Security researchers at Cisco Talos recently discovered a new malware that targets vulnerable Linux-based systems and conducts separate IP and DNS lookups to avoid targeting SSH servers owned by government or military entities.
Named GoScanSSH by the researchers, the new malware, unlike other malware that target SSH servers with open ports, is written using the Golang programming language which, according to Dan Matthews, director of engineering at Lastline, is an "efficient/cross-platform/modern/cool programming language".
Avoiding government domains
The researchers noted that the creators of GoScanSSH malware went to great lengths to ensure that the malware infrastructure isn't tracked by governments or security experts. Firstly, the GoScanSSH command and control infrastructure leverages the Tor2Web proxy service to make tracking the attacker-controlled infrastructure more difficult and secondly, the malware carries out separate IP and DNS lookups before infecting an open SSH server so as to avoid government and military domains.
They added that by leveraging Tor2Web, attackers can host their C2 infrastructure within the Tor network, without requiring them to include additional Tor functionality within their malware.
"It is difficult to fully get inside the head of attackers, but one theory could be that the attackers know that nation-states are resourced and have the political and networking connections to perform accurate attribution," Matthews added.
According to the researchers at Cisco Talos, the GoScanSSH malware is used by its developers to carry out brute-force attacks against publicly accessible SSH servers across a range of Linux-based devices that allow password-based SSH authentication and are protected by weak or default passwords.
Their research also reveals the existence of more than 70 unique malware samples associated with the GoScanSSH malware family that support multiple system architectures including x86, x86_64, ARM and MIPS64. The presence of multiple versions of the malware in the wild also indicates that its developers are actively upgrading the malware as we speak.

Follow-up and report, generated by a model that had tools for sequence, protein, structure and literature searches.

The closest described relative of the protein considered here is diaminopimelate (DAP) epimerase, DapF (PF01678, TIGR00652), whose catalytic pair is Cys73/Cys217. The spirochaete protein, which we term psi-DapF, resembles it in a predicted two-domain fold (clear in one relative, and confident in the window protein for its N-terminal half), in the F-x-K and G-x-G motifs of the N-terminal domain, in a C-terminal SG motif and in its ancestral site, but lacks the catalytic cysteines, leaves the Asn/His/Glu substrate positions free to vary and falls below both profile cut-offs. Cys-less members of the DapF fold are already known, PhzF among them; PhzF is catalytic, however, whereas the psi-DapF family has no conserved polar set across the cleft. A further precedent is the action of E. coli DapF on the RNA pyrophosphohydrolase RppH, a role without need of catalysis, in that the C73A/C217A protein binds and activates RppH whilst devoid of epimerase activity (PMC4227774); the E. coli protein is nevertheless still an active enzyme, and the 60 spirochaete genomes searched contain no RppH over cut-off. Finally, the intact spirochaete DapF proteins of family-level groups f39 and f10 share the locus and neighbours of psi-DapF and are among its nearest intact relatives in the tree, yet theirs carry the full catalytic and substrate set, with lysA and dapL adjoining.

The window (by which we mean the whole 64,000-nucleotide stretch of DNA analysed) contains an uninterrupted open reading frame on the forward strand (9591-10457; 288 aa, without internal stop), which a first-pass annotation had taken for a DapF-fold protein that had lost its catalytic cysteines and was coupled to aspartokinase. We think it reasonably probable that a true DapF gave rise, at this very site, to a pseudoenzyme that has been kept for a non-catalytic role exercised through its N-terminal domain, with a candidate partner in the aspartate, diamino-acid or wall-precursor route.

After targeting a publicly-accessible SSH server, the malware first checks if a random IP address it generated is a special-use address as such addresses are often used by government or military entities. If it is, the malware generates a new IP address and then attempts to establish a TCP connection on port 22.
Once a connection is established, GoScanSSH performs a reverse lookup to check if any domain associated with the IP address is among a list of domains associated with government and military entities. If it is, it discards the IP and generates a new one. However, if an IP address is not associated with a government-owned domain, the malware uses a wordlist containing username and password combinations to obtain valid SSH credentials to infiltrate the system.
If the malware succeeds in guessing the correct credentials, it reports back to a command & control server and its developers then create a new malware binary specifically for the compromised system and start to infect a new host.
How to protect SSH servers from password-reuse attacks?
"The best thing any organization can do to protect against password reuse attacks is to enable some type of multi-factor authentication, particularly for services such as VPN's, SSH servers and web/cloud-based email services which are reachable from the internet," Matthews said.
According to researchers at Cisco Talos, the infection process used by GoScanSSH to infiltrate public-facing SSH servers with default or weak credentials demonstrates how servers exposed to the Internet are at constant risk of attack.
"Organizations should employ best practices to ensure that servers they may have exposed remain protected from these and other attacks that are constantly being launched by attackers around the world.
"Organizations should ensure that systems are hardened, that default credentials are changed prior to deploying new systems to production environments, and that these systems are continuously monitored for attempts to compromise them," they added.